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Norman George: Our islands of opportunities and potential

Wednesday 3 June 2020 | Written by Losirene Lacanivalu | Published in Editorials


Norman George: Our islands of opportunities and potential
Manihiki locals show off their impressive harvest of paua meat. PHOTO: Ministry of Culture/18041214

OPINION: It’s time to think locally but act globally.

When the mist rises, the clouds open up and the sun ascends to claim its omnipotence, a group of islands scattered around the far, far north can be seen jutting out of the ocean floor.

They have been there for millions of years. Some are shaped like tear drops, some like gigantic turtles, and others like elongated dinosaurs strutted with elegant coconut trees, leaves waving and flowing welcoming motions.

These are our northern group islands, God’s gift to the Cook Islands and the jewels of Te Moananui a Kiva. These islands have unlimited potential.

The lagoons are rich in fish and shell fish. Careful management can turn it into a successful fish and seafood export market. Filleted lagoon fish, packaged and blast frozen, smoked or sundried are all potential export products from the far north. Frozen and dried or smoked paua can be added to the list.

Careful harvesting should not be mistaken for decimation. The lagoons must be carefully monitored to ensure it remains rich, balanced, disease free and full of natural sea life.

There are limitless ocean fish potential as well. Frozen tuna fillets, smoked or sundried can be added to the export inventory.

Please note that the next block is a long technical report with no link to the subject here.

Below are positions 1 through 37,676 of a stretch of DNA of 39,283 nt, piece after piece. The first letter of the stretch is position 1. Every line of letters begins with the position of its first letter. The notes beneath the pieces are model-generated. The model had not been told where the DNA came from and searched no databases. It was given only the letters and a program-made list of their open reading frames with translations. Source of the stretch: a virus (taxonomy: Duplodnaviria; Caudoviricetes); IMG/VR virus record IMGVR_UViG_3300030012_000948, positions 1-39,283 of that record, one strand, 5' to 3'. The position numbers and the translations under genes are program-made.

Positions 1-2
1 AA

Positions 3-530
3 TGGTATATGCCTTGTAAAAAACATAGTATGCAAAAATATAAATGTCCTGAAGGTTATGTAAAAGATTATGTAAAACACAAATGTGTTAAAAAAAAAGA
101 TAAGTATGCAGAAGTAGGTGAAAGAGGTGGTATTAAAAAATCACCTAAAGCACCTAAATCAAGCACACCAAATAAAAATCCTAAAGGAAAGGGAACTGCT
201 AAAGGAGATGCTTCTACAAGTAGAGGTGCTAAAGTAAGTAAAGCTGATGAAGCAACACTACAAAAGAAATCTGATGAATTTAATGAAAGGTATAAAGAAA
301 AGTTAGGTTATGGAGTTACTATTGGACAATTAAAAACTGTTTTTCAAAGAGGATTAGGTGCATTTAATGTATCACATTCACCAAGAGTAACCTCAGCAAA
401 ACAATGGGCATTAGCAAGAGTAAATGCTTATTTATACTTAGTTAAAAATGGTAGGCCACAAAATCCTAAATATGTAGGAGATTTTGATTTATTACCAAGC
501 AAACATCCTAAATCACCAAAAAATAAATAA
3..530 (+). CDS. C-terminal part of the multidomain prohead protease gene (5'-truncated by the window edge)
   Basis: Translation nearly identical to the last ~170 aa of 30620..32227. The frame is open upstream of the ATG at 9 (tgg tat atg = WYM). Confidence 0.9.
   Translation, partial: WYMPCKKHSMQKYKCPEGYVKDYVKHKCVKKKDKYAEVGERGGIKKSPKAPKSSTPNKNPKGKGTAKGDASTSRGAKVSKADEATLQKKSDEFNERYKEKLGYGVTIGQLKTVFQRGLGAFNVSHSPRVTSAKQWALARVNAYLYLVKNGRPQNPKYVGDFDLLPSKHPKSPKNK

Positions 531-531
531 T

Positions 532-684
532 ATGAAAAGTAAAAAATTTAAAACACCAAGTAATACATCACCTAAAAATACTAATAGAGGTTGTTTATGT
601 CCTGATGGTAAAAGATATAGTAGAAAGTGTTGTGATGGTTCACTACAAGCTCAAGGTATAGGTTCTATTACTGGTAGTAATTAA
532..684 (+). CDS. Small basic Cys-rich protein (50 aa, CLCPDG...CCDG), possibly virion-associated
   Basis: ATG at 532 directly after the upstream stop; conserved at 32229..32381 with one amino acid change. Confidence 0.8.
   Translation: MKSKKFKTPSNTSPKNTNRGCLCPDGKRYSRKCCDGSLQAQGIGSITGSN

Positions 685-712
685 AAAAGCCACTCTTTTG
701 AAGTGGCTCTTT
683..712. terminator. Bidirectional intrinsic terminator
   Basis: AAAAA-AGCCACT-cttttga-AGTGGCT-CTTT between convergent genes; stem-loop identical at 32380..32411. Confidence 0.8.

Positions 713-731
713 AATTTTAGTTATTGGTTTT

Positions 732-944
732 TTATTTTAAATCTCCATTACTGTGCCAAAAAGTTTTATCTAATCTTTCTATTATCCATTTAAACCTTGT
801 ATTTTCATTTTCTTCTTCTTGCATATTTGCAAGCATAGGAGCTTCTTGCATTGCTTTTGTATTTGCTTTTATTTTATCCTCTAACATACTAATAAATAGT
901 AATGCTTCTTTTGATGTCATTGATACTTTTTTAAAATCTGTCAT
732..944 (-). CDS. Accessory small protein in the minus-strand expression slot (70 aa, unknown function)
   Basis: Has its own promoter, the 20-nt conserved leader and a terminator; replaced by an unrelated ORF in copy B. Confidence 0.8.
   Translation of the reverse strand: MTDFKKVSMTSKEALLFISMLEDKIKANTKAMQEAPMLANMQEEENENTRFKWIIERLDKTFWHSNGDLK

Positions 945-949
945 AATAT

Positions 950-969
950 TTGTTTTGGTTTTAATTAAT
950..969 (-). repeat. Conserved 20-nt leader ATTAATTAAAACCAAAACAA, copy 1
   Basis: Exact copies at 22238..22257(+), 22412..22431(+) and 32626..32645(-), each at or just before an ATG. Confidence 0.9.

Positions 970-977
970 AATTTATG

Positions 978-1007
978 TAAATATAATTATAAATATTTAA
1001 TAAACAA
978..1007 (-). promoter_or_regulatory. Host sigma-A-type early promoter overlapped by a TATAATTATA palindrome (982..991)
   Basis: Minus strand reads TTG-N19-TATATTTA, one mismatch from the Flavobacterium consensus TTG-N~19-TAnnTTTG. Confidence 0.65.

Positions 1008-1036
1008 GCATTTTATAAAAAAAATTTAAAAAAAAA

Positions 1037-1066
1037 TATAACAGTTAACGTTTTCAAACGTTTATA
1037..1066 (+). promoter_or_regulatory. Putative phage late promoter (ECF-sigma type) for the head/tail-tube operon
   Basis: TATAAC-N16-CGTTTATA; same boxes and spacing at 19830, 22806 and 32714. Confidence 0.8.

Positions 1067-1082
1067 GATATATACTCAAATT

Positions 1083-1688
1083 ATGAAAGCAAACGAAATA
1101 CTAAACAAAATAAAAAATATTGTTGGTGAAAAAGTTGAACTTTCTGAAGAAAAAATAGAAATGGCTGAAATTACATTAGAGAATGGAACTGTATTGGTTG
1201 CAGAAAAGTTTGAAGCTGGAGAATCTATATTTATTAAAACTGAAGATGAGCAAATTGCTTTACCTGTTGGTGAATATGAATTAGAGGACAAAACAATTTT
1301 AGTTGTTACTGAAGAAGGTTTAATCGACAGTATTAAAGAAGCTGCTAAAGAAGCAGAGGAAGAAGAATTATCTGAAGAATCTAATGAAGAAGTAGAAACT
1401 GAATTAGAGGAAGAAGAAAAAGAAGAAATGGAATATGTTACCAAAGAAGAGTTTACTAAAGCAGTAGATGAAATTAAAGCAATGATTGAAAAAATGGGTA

Can you imagine the marketing angles? “From the pollution free lagoon of Manihiki Island”, “Freshly filleted parrot fish, a sea fresh product of Pamati Island”, “Penrhyn Island smoked or sundried paua” or “Suwarrow Island parrot fish.”

Of course none of this will happen without blast freezer plants, smoked fish and sun dried facilities, processing, cleaning and packaging plants. All to be powered by solar power, to reduce costs.

We make no mention of the black pearl industry. That is well established. All we can do is encourage it to go from strength to strength. Pearl shells and carving it has good potential.

To our northern group cousins, fast forward your thinking. Think locally but act globally. Keep your eyes on ball! Let’s play to win! It is all there for the taking.

I also wish to add my two dollars’ worth for the four day week concept. Work Monday to Thursday. Friday is work on the home front, “tanu tanu” day, “production day”, “bush knife day” or “taro patch day”.

For the gym regulars, take those muscles and test it with some real physical work.

If you don’t have a plantation, volunteer to go and work for someone who does.

You never know, you might go home with some free vegetables. Let’s turn the four day week into a cultural flashpoint, change of lifestyle.

I want to quickly add to the list of products we can develop in the southern group. Honey, as suggested by Ms Mave is an excellent idea. We used to harvest wild honey in Atiu when we were kids. They were sweet and beautiful. Atiu tere parties used to take honey as gifts to other islands. All islands are capable of going into honey production.

Stonemason skills are needed. We have a marble stone pounder at home, made on Mangaia. Heavy, durable, attractive; good for medicinal pounding, or softening tough meat, I also use it to break up party ice. There are some marble stones in Atiu, both Mangaia and Atiu should latch onto this. Master carver Mike Tavioni is the expert on this.

My one two punch for the week – Will those opposed to the compulsory wearing of road safety helmets accept responsibility for all future deaths of road accident victims not wearing helmets? Many accidents are not caused by the unlucky victims. Fatalities caused by not wearing a helmet is the direct responsibility of the victim!

Kua rava teia! Ka kite!